Thursday, April 23, 2015

French Court Applies 25% Rule of Thumb, Multiplier to Arrive at 3% Royalty

The case is Vorwerk & Co. Interholding GmbH v. Electrodomesticos Taurus SL, TGI Paris, Sept. 26, 2014, PIBD 1018, 919.  The patent in suit is EP 0757530, titled Robot ménager comportant un bac á agitation et un mécanisme d'entrainement de l'agitateur du bac (a food processor comprising an agitator vessel and a mechanism for operating the agitator).  If I am understanding this correctly, the inventive feature in suit appears to be something called a chapeau de cuisson á la vapeur, which I would translate as "steaming cap."  Plaintiff Vorwerk sued defendant Taurus for selling allegedly infringing food processors.  In earlier proceedings the court held that the patent was infringed, and this judgment was affirmed.  The proceeding at issue was to set the amount of the plaintiff’s damages.

At the time the events at issue occurred, article 615-7 of the IP Code read as follows:
Pour fixer les dommages et intérêts, la juridiction prend en considération les consequences économiques négatives, dont le manque à gagner, subies par la partie lésée, les bénéfices réalisés par le contrefacteur et le préjudice moral cause au titulaire des droits du fait de l’atteinte. Toutefois, la juridiction peut, à titre d’alternative et sur demande de la partie lésée, allouer à titre de dommages et intérêts une somme forfaitaire qui ne peut être inférieure au montant des redevances ou droits qui auraient été dus si le contrefacteur avait demandé l’autorisation d’utiliser le droit auquel il a porté atteinte.
This can be translated as 
For assessing damages and interest, the court takes into account the negative economic consequences, including loss of profit, suffered by the injured party, the profits realized by the infringer and the moral prejudice caused to the rightholder by the infringement. However, the court may, alternatively, upon request by the injured party, award damages as a lump sum that shall not be less than the amount of royalties or fees that would have been due if the infringer had requested authorization for the use of the right infringed.
(Article 615-7 was amended in March 2014, for discussion of which see here.  The amendment is not applicable to this case.) 

Vorwerk itself did not practice the patent but rather licensed some affiliated firms to do so.  Vorwerk asserted as its damages its lost profit (manque á gagner), based on the royalties it would have earned from Taurus and Taurus's distributors if they had concluded a license.  Again if I am understanding correctly, Taurus argued that Vorwerk's failure to work the patent meant that Vorwerk was not entitled to recover any damages, but the court disagreed and concluded that the injury suffered by the patent owner would be, at a minimum, equal to the royalties it would have received but for the infringement.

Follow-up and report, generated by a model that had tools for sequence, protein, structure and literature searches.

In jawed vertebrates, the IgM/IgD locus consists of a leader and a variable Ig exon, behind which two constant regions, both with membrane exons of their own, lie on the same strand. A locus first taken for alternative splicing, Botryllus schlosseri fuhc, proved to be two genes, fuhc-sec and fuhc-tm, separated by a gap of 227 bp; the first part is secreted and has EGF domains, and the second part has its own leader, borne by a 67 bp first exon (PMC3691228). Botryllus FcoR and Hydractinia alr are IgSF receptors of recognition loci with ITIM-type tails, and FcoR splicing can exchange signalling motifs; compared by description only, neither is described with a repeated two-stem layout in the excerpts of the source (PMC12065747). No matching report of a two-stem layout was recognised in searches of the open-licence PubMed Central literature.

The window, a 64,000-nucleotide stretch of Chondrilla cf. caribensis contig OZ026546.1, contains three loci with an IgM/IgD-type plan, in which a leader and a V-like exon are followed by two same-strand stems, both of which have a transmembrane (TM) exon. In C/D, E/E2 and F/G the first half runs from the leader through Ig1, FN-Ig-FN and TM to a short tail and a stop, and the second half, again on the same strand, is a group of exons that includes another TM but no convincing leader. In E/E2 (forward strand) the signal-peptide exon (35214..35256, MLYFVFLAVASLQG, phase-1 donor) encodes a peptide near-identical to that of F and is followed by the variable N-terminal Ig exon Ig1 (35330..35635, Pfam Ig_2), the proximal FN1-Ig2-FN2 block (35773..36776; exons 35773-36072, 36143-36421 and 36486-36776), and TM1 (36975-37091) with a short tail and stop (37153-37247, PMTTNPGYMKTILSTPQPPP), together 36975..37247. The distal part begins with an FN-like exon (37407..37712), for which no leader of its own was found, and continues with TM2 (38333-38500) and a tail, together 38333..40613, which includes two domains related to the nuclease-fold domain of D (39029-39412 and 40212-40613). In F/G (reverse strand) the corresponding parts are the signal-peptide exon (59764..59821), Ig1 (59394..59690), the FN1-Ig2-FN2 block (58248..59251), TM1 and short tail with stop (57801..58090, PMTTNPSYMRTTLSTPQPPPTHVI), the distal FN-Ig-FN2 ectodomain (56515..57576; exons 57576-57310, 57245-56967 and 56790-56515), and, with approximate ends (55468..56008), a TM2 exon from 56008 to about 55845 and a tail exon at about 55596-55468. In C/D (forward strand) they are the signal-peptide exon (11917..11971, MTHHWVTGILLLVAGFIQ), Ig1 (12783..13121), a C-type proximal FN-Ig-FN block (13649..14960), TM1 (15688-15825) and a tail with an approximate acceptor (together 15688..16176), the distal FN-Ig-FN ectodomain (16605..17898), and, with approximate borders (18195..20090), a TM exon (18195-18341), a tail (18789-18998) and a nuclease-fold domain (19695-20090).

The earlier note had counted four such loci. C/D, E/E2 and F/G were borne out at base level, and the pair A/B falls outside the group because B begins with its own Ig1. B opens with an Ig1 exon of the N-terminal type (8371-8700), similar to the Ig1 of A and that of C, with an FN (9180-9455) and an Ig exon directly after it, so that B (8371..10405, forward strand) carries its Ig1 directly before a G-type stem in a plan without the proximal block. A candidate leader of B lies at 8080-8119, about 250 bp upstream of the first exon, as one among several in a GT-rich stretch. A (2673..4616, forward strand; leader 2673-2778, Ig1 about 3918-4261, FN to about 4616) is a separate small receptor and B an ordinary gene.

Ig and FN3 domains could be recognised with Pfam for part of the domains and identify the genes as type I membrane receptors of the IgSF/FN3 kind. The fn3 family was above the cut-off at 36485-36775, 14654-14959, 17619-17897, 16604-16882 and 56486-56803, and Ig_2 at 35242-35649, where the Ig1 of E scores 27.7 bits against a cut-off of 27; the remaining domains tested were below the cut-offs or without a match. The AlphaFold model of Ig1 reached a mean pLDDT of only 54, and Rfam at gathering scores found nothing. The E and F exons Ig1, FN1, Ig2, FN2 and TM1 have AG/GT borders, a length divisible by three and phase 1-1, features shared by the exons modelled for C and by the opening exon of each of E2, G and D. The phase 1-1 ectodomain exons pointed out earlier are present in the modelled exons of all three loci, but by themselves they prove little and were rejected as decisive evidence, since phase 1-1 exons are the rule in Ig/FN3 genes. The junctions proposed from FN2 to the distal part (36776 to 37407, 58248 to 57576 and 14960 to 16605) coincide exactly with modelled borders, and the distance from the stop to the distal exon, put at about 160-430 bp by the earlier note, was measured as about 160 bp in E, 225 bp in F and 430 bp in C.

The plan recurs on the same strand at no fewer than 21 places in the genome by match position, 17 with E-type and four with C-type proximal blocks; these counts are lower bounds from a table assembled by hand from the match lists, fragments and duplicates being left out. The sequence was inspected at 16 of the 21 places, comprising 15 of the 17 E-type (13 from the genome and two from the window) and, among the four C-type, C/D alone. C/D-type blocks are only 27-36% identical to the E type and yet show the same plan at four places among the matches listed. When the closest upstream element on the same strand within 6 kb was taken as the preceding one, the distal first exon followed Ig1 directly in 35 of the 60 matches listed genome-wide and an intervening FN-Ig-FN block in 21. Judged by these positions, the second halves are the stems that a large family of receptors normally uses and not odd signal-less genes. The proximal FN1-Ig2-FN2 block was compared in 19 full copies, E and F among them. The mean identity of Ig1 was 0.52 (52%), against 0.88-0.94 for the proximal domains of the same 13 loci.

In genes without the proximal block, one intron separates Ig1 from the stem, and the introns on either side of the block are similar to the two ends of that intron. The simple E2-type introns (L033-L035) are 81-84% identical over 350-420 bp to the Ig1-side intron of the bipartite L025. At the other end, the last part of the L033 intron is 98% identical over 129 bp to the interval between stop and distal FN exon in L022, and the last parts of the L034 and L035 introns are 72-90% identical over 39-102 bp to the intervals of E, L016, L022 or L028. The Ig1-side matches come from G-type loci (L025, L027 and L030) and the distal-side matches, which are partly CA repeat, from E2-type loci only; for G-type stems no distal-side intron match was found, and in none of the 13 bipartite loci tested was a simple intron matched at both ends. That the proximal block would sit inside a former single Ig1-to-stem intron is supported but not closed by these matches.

As for the amount, the court appointed an expert who first determined the infringing turnover (la masse contrefaisante).  The expert determined that this should include (1) sales of a model called Mycook that included the steaming cap, and (2) sales of a model called Mycook Pro that did not include the cap, but for which the cap was separately purchased as an accessory.  Altogether this equaled €4,242,557.  The court accepted the expert's analysis.

Next, to calculate the royalty rate the expert first calculated the infringer’s profit margin as 9.6%. Vorwerk argued that the expert deducted some fixed costs that were not tied to the manufacture of the infringing goods, and that the profit margin was actually 22%, but again the court affirmed the expert’s calculation.  Next, the expert multiplied 9.6% by 25%, a step the court refers to in the opinion as “une clé de repartition couramment admise en matière de license de brevet” (a sharing method commonly used in patent licenses)--basically, what sounds like a "rule of thumb" to me.  Next, the expert cut this figure in half based on his conclusion that the patented invention did not play a key role in the sale of the defendant's products, and then rounded this up to 1.5%.  Finally, the expert suggested that the court could multiply the 1.5% rate by 1, 2, or 3.  Taurus for its part argued that the royalty base should be reduced to the average price of the steaming cap times the number of infringing devices, and that any enhancement would be punitive in nature.  The court disagreed, specifically stating as to the latter issue the following (in my translation):
It is appropriate to apply the principle of enhancing the contractual royalty rate, because doing so takes into account the damaging situation in which the rightholder finds itself, who suffers the exploitation of the invention without any decision on its part.  It would be, in such a case, unjust to apply purely and simply a royalty rate equal to that which the parties would have consented to had they negotiated a license.
(For further discussion of royalty multipliers in France, see my book p.270 & n.187). Multiplying the masse contrefaisante as calculated by the expert (€4,242,557) by 3%, the court therefore awarded €127,367 in lost royalties.

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